CastAR is ready to put the fun back into funding, securing more than $15 million from Playground Global and the company's seed investors to accelerate the development of its augmented reality headset. We spoke to CEO David Henkel-Wallace about why fun is such a guiding light for the company, and who he sees as the device's audience.
"When we say a consumer product, we mean a consumer price point. The Oculus headset is only a few hundred dollars but then you need a $1000 PC to run your games. That's not a consumer product, that's not something you're giving to your kids," he told GamesIndustry.biz
"I can tell you, Grandma is not buying a thousand dollar product for the kids"
"Our vision is that Christmas day Grandma has bought these for the kids, they tear open the paper, they open the box, they're eight and ten years old, they put down the game board and within a minute they're playing. That's where we want to get to. Well I can tell you, Grandma is not buying a thousand dollar product for the kids."
CastAR thinks key to adoption is making "a fun product that's accessible to people," as well as a product that is more robust to the virtual reality headsets you might have seen at trade shows. Henkel-Wallace points out there's a difference between a headset used reverently in a development studio and something that children will play with, drop on the floor, smear with jam.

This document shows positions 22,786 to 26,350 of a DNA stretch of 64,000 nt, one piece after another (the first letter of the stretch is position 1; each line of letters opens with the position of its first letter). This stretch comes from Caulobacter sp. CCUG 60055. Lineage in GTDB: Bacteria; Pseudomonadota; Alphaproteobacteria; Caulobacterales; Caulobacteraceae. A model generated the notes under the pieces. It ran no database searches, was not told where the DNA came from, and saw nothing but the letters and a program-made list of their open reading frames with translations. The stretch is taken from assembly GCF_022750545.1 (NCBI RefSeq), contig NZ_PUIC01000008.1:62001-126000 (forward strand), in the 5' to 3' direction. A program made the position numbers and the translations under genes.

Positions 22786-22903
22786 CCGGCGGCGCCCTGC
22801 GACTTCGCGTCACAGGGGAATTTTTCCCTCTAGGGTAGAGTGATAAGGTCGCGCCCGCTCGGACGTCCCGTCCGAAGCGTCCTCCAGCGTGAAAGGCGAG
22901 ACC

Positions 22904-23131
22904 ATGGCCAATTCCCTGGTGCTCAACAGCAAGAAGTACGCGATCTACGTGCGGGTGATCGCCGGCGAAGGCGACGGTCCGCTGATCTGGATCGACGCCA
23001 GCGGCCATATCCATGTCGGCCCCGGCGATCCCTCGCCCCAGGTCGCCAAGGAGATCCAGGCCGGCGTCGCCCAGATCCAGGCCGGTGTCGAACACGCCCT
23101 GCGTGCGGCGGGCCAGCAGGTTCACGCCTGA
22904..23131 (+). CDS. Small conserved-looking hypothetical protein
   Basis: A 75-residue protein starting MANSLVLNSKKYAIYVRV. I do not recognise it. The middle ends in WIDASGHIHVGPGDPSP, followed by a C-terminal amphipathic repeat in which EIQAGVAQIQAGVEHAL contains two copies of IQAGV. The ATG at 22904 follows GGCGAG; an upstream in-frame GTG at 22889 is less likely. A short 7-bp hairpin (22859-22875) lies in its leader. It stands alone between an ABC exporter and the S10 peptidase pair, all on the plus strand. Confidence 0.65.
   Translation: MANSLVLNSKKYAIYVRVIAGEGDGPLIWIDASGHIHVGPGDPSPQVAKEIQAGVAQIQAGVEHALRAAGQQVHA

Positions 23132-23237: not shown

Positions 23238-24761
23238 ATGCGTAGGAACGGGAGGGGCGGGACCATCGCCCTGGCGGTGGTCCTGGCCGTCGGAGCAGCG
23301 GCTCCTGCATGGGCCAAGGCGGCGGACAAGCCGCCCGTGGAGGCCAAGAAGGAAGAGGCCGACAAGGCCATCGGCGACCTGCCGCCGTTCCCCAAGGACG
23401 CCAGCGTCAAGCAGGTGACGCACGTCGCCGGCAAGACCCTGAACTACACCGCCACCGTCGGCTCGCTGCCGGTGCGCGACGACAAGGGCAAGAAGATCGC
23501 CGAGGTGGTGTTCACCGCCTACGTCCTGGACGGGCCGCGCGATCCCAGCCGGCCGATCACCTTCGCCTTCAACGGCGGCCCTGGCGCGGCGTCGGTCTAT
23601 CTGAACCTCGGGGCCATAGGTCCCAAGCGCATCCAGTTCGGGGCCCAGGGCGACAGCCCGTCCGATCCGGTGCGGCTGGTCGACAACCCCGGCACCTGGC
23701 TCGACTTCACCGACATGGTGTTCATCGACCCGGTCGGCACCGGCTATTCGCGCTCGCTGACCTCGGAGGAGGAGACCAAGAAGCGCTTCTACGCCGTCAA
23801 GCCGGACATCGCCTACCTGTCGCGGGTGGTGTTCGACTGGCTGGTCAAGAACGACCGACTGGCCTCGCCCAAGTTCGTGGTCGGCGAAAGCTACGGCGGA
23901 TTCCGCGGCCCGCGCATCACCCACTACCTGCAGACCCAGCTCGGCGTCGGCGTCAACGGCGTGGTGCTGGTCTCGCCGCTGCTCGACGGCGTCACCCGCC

"That's my dream! That kids are so engaged in it that they get jam on the lenses."
CastAR started life as Technical Illusions in March 2013 and was founded by Jeri Ellsworth and Rick Johnson. It raised over $1 million on Kickstarter the following November and has already started delivering hardware to pledgers. This $15 million will allow the company to build up the infrastructure it needs, the personnel and systems required to finish off the development for the bulk of the Kickstarter product.
"This money really marks an inflection point from being just a raw startup to actually allowing us to become a really fully functioning company."
He said talking to investors was made much easier by having a product that could force a smile from anyone that tried it on.
"I've raised money for other companies I've started where we just had an idea and we need the money to turn the idea into reality. In this case a lot of the questions in people's minds - what does this product do? - they can put it on and see right away.
"This money really marks an inflection point from being just a raw startup to actually allowing us to become a really fully functioning company"
"And it's a fun product, and fun is no joke here. In fact we have written on our whiteboard in the engineering office 'fun' with a box box around it and it says 'do not erase.' So that's really compelling because there's a lot of technology companies that are just a piece of technology."
The experience of the team, which boasts a pedigree that includes Valve, Raven Software, Gearbox as well as heavy hitters from the technology side, was also a factor. It was enough to impress Playground Global.
"I was really intrigued by David, Jeri, and Rick's approach to tackling the problem of how to drive mainstream adoption of AR," added Andy Rubin, MD of Playground Global.
"They're the only company I found to be simplifying the utility and application of augmented and virtual reality technology into a fun, accessible, and portable system that will wow kids and adults alike."